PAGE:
The Roman calendarNicola
Enjoying the month of August? Did you know that Augustus added the month of August to the calendar?
There were once ten months of the year. That’s right. The Roman calendar was 10 months, which is 304 days. They ignored the remaining 61 days, which fell in the middle of winter. The months began with March and were named Martius, Aprilis, Maius, Junius, Quintilis, Sextilis, September, October, November, and December.
But then there were 12!!! King Numa Pompilius reformed the calendar around 700 BC by adding the months of January (Ianuarius) and February (Februarius) to the original 10 months, which increased the year’s length to 354 or 355 days.
Julius Cesar started the trend of honouring oneself in the form of a sunny summer month and so July is named after him, naturalmente. Augustus then followed suit by doing the same. And, what brilliant months! And thus began the Julian calendar, which eventually evolved into the Common calendar.
Whilst we’re on the topic, lets talk more about the other months and what they mean.
It was named after Janus, the Roman god of all beginnings. January replaced March as the first month of the Roman year no later than 153 BCE.
The Roman month Februarius was named after the Latin term februum, which means purification, via the purification ritual Februa held on February 15 (full moon) in the old lunar Roman calendar.
Martius was once the first month of the year, until around about 153BC, when it became the 3rd month. March takes its name from the Roman deity, Mars, who was regarded as an ancestor of the Roman people through his sons Romulus and Remus. The month of March was an important month because it marked the return to farming, military campaigning, and sailing.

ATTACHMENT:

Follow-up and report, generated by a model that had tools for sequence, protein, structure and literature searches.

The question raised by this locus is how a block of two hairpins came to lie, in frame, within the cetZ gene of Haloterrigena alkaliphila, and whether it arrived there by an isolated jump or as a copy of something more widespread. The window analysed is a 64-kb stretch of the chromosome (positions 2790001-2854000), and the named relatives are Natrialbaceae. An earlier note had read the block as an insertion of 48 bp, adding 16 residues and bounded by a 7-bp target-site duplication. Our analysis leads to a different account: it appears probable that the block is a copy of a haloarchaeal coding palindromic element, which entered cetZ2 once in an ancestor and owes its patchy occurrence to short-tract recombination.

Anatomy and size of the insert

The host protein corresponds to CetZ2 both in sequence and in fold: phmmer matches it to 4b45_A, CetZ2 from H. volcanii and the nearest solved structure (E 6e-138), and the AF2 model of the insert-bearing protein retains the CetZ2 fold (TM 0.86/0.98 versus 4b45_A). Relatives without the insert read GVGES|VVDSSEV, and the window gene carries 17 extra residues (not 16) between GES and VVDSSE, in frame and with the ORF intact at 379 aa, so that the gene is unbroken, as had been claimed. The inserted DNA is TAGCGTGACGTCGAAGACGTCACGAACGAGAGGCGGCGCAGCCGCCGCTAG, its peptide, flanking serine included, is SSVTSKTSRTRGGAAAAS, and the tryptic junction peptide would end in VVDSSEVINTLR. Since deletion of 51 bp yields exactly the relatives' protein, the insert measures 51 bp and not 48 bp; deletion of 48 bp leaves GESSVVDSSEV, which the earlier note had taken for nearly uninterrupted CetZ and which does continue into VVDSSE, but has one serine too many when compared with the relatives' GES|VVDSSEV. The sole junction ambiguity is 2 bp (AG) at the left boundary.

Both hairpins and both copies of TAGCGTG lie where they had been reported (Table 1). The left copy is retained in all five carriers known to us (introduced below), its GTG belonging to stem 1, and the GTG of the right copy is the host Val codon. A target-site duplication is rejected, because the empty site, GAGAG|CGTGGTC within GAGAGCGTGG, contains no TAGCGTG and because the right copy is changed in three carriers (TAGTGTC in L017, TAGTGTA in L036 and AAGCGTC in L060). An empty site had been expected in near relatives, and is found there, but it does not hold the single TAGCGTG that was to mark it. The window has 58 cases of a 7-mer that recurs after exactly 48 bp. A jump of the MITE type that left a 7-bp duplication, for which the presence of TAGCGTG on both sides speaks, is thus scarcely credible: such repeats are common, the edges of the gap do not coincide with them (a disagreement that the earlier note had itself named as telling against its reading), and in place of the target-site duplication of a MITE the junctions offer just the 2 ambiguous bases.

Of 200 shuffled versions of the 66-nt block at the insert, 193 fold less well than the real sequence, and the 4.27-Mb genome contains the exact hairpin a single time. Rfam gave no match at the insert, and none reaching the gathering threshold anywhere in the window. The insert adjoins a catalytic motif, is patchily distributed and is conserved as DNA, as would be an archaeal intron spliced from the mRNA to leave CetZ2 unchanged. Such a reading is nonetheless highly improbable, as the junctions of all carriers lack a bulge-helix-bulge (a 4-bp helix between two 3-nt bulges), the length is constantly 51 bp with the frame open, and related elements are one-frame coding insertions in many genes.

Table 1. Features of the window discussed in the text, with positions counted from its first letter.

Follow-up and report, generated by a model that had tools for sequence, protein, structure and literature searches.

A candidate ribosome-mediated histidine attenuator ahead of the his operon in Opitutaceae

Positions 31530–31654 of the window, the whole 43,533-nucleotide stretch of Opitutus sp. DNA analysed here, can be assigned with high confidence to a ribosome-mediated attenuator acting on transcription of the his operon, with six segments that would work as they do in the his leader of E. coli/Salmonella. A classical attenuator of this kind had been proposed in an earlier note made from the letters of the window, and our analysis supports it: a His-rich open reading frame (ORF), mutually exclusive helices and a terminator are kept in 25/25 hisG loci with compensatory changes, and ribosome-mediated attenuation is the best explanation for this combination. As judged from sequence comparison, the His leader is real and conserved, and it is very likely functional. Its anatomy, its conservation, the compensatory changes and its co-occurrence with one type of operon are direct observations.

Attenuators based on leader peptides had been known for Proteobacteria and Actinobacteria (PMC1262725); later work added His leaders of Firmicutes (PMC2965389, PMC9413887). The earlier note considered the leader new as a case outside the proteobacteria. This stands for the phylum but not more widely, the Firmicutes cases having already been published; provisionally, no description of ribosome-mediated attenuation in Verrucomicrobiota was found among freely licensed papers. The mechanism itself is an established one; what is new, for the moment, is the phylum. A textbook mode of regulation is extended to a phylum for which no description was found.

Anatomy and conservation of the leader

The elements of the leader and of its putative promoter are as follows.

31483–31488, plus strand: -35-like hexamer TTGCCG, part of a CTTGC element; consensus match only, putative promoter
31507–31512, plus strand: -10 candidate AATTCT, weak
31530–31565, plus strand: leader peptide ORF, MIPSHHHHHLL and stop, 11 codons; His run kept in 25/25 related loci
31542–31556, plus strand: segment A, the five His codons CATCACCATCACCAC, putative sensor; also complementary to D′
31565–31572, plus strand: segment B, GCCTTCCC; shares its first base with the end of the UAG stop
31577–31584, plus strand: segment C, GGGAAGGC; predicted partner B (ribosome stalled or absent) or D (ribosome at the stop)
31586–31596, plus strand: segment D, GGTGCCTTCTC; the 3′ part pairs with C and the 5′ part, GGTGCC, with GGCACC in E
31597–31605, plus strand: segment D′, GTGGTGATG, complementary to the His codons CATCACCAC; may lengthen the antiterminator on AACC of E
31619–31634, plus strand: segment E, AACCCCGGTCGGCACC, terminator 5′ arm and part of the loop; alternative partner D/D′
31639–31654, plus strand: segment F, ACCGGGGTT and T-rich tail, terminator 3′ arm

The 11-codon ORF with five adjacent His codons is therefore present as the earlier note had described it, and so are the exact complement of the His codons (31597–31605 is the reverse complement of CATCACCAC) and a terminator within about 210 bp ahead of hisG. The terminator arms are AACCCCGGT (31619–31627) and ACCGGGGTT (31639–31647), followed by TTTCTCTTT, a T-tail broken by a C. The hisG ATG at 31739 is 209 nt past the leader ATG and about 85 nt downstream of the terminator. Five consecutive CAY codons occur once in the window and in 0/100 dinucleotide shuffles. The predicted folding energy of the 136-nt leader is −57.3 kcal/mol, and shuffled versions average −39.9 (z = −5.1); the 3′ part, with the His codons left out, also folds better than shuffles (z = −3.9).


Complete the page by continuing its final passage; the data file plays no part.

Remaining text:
April was all about festivals devoted to aspects of rural life, and so it was full on month for farmers. It was also the month that honoured all female deities such Venus (Aphrodite in Greece), the Goddess of Love.
The month of May (mensis Maius) celebrated the Games of Flora (Ludi Florae)
May is represented by the veneration of Mercury on this panel from a Roman mosaic
of the months (from El Djem, Tunisia, dated 3rd Century AD).
Once the 4th month of the Roman calender, when March was the first month, and there were only 10 calendar months, but then from 153 BC onwards, it became the 6th month of the year.
In his poem on the Roman calendar, Ovid has three goddesses present three different derivations of the name Junius.
In one example, Juno asserts that the month is named for her. Juventas (“Youth”) pairs Iunius with Maius: the former, she says, comes from junior, “a younger person”, in contrast to maiores or the “elders” for whom May was named. Another example is that Ovid has Concordia claim that Iunius (Junius) comes from iungo, iunctus, “join”, in honor of her uniting the Romans and the Sabines.
Quintilis is Latin for fifth.
So, literally the 5th month became the 7th month, once the Roman calendar office officials added two months to the calendar. And then it became known as Julius Cesar’s special month.
Sextilis is Latin for sixth.
The 6th month became the 8th and is in honour of the Emperor August.
Sette is seven, so September was once the seventh month of the year. But, now it’s the 9th, since the Roman calendar became 12 months.
You guessed it. The 8th month of the year.
The 9th month, but now the 11th.
Basically, the tenth month of the year. But, now the twelfth.
The Romans used to count years from the (mythical) year of the founding of Rome in year -753. They referred to a year count in the era as Ab Urbe Condita (“since the founding of the City”), abbreviated to A.U.C.